The Bees of Midgard
Picture of skep and bees

From the strong honey bee races of Italian, (Apis mellifera ligustica), and Carniolan, (Apis mellifera caucasica) and through prolonged natural selection the Midgard bee, (Apis mellifera hybridum) was acquired.

A large colony of bees collects around the one fertile female commonly referred to as the Queen.  She lays thousands of eggs each day that are fed and cared for by her daughters, when they hatch.  The Queen is constantly tended to, fed and groomed by her attendants.  As the young bees mature they leave the hive and forage for nectar and pollen.

The larger the colony, and the more numerous the population of bees, the greater the harvest of honey from which we craft our mead.

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Picture of skep and bees

The working life of the Midgard Beekeeper begins in early spring.  He puts away his Meade mug, books and papers and sets out on a warm, sunny morning to inspect the colonies of bees that endured the hardships of winter.

As the dew dries in the bright sunshine, the Midgard Beekeeper gently opens the over-wintered hives to remove the dead and instil life in the survivors.  He looks for the new blossoms of spring, and finding none provides the small colonies with sustenance.

As spring turns into summer, the days become warmer and longer, and the bees of Midgard grow rapidly, both in size and numbers.  Fields of wildflowers bloom heavily, and the air pulses with the steady hum of worker bees foraging.

Picture of woman collecting honey

The Beekeeper of Midgard tends to his hives; he provides the colonies with extra frames of comb, and extra space to house it.  He keeps a wary eye out for the signs of the new Queens, lest the reigning abscond with many in trail and without notice.  As day ends he might sip some of last summer’s mead to replenish the sweat of his brow.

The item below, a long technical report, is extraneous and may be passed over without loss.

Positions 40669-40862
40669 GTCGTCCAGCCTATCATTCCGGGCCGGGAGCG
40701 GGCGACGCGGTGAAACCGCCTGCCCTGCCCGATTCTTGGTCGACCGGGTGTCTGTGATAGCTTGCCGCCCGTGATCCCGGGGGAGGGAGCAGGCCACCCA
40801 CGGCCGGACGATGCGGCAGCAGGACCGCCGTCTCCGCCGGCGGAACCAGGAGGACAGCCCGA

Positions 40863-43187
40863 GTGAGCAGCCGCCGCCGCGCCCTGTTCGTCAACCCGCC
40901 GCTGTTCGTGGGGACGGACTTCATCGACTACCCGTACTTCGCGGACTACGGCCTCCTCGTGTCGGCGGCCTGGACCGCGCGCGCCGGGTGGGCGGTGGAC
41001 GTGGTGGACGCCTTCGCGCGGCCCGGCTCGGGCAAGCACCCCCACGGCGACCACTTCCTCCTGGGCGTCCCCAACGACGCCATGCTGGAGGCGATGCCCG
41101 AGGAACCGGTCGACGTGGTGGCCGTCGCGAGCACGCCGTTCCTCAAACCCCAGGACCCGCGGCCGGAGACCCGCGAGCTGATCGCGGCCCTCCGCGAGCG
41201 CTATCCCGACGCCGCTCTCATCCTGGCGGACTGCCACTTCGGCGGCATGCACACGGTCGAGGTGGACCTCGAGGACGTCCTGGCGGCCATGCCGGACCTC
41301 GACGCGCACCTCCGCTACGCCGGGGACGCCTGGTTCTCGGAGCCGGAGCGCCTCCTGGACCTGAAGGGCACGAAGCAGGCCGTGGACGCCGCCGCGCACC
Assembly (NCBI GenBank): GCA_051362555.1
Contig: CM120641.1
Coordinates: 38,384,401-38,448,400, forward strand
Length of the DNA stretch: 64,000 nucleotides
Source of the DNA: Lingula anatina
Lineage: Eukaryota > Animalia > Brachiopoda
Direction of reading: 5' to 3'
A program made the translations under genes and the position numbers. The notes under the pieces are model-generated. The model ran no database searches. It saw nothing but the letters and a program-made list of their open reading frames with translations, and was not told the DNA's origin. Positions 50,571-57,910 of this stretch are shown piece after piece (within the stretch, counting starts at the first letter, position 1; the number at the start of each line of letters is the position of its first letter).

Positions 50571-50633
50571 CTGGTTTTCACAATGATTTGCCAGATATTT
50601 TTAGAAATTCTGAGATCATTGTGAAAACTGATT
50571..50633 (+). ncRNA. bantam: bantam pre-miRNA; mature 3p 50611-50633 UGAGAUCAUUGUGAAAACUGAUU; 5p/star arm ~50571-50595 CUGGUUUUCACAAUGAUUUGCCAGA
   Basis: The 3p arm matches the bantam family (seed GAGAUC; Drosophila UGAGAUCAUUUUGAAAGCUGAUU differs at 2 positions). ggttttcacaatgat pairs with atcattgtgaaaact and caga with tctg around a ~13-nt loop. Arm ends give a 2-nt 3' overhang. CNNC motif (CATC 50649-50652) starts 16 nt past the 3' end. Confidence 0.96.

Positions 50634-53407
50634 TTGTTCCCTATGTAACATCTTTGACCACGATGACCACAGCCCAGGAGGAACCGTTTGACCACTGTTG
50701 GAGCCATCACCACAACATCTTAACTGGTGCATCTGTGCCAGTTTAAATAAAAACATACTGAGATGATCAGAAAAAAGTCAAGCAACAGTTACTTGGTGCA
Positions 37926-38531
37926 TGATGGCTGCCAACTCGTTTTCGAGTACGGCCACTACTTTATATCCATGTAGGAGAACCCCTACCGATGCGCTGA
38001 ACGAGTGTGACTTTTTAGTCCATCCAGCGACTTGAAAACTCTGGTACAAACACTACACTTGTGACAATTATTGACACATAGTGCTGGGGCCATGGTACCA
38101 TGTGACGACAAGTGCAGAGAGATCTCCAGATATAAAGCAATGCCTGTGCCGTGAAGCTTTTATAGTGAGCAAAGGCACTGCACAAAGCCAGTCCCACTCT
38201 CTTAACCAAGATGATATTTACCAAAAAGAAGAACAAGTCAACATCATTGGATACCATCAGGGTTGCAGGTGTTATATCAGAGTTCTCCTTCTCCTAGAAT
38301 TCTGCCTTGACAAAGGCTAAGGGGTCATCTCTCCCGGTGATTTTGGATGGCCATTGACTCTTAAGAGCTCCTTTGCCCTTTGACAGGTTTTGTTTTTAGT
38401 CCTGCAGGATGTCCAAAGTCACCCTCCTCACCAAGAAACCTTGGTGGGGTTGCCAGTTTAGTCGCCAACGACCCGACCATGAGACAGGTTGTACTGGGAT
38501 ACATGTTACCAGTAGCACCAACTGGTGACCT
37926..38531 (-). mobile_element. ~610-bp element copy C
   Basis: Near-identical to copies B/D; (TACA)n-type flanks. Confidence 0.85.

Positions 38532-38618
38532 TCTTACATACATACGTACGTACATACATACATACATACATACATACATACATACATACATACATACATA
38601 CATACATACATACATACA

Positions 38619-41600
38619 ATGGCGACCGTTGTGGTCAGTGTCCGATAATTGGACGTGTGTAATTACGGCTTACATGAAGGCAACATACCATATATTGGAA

Picture of skep and bees

When the summer solstice is well past, the Beekeeper’s work now turns to the first harvests of honey.  Heavy with honey, the apiaries odorous with the pungent scent of ripening goldenrod, he admires the great work the Midgard bees have accomplished in so short a time.  Colonies eighty thousand strong cause the air to vibrate with their winged wanderings.  The sky is seeded with the heavy-winged buzz of drones seeking virgin queens.  The Beekeeper of Midgard is satisfied with his new, young colonies and their Queens, and the fresh honey sweet on his lips.

Picture of Bee Box Hives and Skeps

As the air becomes crisp and the leaves of the great and magnificent trees manifest their orange and yellow cloaks, the bees of Midgard become possessive of their hard earned bounty.  The Beekeeper of Midgard risks their sharp stings as he takes his share.  The work is heavy on his old back as he wheels the precious treasure to his shelter.  Well into the night he toils to separate the harvest of golden honey from its wax, while his dreams fill with warm nights next to the fire, meade in hand.

Then, as the trees turn barren and the fields fade, the Midgard Beekeeper gives back to the hungry bees of Midgard a portion of their hard won harvest so that they may slumber well through the long, cold night of winter.

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